User-defined actions are CGI applications or plug-ins that are invoked not because of a direct reference to their URL, but rather because of a reference to a file mapped to the action's file suffix. Using actions has two major advantages over direct CGI references: the ability of a CGI to easily work with multiple URLs, and the ability to change the CGI without having to change URLs on your site.
A good example of using user-defined actions is the handling image maps. If your site has multiple image maps, you could configure all URLs ending in .map to be handled by a single CGI, for instance "imagemap.cgi". First, you would create an entry in the Action dialog panel associating an action name (in this example "imagemap") with the path to the CGI application (":imagemap:imagemap.cgi"). Next, in the MIME Mappings dialog, you would create an entry associating the suffix ".map" with the action name ("imagemap"). With these entries completed, when a user access a .map URL, such as "http://www.yoursite.com/graphic.map", Quid Pro Quo will launch the imagemap.cgi CGI application, passing it the map coordinates to resolve. To change the map handling CGI, all you would have to do is change the path to the "imagemap" action. For instance, change ":imagemap:imagemap.cgi" to ":MapServe:MapServe.cgi".
Plug-ins set their own action paths when they are registered at Quid Pro Quo start-up time. They are not user editable.
Actions allow you to add to Quid Pro Quo's built-in capabilities. You associate a file's suffix with the action that Quid Pro Quo is to perform when a request for that file arrives. For instance, a file with the suffix .html is typically mapped to the Text action. When a user requests "default.html", Quid Pro Quo performs the Text action, which is to send the file to the client in plain text form. Other built-in actions perform similar functions.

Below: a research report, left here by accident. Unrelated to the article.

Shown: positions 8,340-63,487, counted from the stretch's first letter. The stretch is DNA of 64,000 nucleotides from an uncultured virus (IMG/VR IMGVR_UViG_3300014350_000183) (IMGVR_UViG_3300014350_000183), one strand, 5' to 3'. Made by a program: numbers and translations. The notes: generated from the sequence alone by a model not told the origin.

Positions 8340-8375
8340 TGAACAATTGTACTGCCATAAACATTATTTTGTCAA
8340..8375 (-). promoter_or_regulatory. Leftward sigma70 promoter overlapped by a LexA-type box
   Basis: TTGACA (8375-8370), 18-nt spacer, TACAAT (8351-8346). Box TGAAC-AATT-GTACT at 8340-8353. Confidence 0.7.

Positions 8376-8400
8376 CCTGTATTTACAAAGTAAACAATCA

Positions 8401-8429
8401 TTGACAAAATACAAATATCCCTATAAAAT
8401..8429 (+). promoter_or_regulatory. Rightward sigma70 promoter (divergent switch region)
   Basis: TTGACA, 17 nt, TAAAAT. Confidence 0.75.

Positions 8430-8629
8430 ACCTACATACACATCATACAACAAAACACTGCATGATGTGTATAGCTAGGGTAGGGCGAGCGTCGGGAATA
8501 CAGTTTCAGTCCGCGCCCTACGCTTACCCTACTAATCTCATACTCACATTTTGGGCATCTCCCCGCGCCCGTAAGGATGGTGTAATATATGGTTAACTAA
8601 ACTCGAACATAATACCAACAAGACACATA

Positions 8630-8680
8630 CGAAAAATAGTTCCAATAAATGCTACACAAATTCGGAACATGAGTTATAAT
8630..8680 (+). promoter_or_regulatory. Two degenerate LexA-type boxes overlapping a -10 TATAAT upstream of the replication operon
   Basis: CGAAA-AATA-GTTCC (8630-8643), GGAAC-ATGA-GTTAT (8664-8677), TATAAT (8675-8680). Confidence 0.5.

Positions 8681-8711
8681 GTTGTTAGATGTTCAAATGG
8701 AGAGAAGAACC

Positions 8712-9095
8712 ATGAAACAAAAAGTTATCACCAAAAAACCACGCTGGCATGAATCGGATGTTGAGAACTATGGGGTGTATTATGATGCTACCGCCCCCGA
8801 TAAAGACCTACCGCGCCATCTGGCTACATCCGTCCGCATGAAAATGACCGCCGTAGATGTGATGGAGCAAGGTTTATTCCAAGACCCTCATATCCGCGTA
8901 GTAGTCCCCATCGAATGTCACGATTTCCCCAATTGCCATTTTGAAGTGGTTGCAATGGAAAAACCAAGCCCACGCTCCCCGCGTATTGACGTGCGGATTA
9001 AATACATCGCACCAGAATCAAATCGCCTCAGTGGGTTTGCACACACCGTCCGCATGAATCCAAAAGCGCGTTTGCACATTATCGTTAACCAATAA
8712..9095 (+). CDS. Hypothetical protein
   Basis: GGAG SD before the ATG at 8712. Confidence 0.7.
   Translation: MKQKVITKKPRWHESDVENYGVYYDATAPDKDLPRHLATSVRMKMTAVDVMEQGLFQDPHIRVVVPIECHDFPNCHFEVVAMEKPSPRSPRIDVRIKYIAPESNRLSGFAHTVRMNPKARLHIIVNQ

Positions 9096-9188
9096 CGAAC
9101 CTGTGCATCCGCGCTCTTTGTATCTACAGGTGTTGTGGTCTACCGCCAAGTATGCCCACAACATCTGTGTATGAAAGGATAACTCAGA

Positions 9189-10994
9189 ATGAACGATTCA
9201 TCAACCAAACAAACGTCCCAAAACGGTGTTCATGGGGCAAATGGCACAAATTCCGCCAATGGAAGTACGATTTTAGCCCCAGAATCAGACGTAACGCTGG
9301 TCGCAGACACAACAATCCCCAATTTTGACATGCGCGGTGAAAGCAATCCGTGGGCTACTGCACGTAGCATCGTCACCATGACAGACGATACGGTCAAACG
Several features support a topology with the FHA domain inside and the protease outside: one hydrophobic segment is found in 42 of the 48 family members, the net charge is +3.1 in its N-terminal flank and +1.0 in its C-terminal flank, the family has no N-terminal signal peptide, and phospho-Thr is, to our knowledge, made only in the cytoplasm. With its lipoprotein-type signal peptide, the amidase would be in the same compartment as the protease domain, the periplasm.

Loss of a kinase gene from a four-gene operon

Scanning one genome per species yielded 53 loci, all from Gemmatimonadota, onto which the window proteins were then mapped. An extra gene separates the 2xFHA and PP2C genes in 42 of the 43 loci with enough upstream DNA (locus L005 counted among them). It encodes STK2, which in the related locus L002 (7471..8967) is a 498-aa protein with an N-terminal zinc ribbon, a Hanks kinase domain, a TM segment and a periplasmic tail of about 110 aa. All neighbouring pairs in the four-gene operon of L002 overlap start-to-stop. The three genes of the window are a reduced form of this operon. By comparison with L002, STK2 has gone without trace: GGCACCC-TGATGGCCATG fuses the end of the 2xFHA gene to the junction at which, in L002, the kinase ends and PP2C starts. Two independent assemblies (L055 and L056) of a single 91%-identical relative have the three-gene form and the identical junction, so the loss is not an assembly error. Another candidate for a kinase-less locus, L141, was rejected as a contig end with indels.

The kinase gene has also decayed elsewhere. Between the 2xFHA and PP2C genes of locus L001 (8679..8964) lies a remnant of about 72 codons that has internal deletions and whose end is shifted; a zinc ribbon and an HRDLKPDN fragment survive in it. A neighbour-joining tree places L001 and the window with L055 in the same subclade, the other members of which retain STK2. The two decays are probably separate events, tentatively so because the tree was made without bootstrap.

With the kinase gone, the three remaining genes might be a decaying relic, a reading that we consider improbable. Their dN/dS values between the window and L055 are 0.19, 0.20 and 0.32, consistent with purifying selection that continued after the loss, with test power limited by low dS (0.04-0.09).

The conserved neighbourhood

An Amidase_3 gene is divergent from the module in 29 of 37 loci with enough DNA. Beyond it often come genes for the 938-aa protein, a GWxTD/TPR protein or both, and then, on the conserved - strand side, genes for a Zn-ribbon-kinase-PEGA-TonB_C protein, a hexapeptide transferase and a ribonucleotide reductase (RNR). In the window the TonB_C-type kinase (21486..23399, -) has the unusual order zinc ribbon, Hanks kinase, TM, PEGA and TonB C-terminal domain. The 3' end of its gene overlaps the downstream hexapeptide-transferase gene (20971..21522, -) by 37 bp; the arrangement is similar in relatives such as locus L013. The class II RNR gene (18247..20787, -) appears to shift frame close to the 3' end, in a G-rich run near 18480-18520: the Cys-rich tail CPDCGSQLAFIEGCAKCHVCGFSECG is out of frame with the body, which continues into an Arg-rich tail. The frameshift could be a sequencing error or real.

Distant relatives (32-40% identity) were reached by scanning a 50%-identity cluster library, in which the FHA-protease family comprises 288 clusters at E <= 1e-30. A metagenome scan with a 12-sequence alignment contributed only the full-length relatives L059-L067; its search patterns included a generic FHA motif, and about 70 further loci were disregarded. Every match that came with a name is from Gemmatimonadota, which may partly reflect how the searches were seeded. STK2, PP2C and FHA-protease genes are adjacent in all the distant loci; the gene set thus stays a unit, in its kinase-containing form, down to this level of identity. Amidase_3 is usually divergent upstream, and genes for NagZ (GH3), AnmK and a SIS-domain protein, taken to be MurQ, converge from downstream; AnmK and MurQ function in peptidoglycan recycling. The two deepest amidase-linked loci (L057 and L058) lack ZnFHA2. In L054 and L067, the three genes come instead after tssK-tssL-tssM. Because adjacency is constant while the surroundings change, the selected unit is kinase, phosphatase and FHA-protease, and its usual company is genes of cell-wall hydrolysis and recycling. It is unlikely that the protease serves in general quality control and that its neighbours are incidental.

When a request comes in for a user-defined action, Quid Pro Quo launches the CGI application or plug-in specified by the action path. Quid Pro Quo then sends an AppleEvent to the CGI describing the client's request, which the CGI processes and returns a result to the server. Quid Pro Quo sends the result to the client without performing any further processing.
Paths should be made relative to the folder that contains the Quid Pro Quo application. Since a relative path always begins with a colon, be sure to preface your path with a colon. Otherwise, the path will be interpreted as a full pathname, and your action handler will not be found. If your CGI action handler is in the same folder as the Quid Pro Quo application, do not preface it with a colon. For instance, the full path to these action handlers is:
Macintosh HD:Quid Pro Quo:imagemap:imagemap.cgi
Macintosh HD:Quid Pro Quo:actionhandler.cgi
would be represented as (assuming the Quid Pro Quo application is in the folder 'Macintosh HD:Quid Pro Quo:'):
For information on mapping a file suffix to action, see the section on MIME Mapping.
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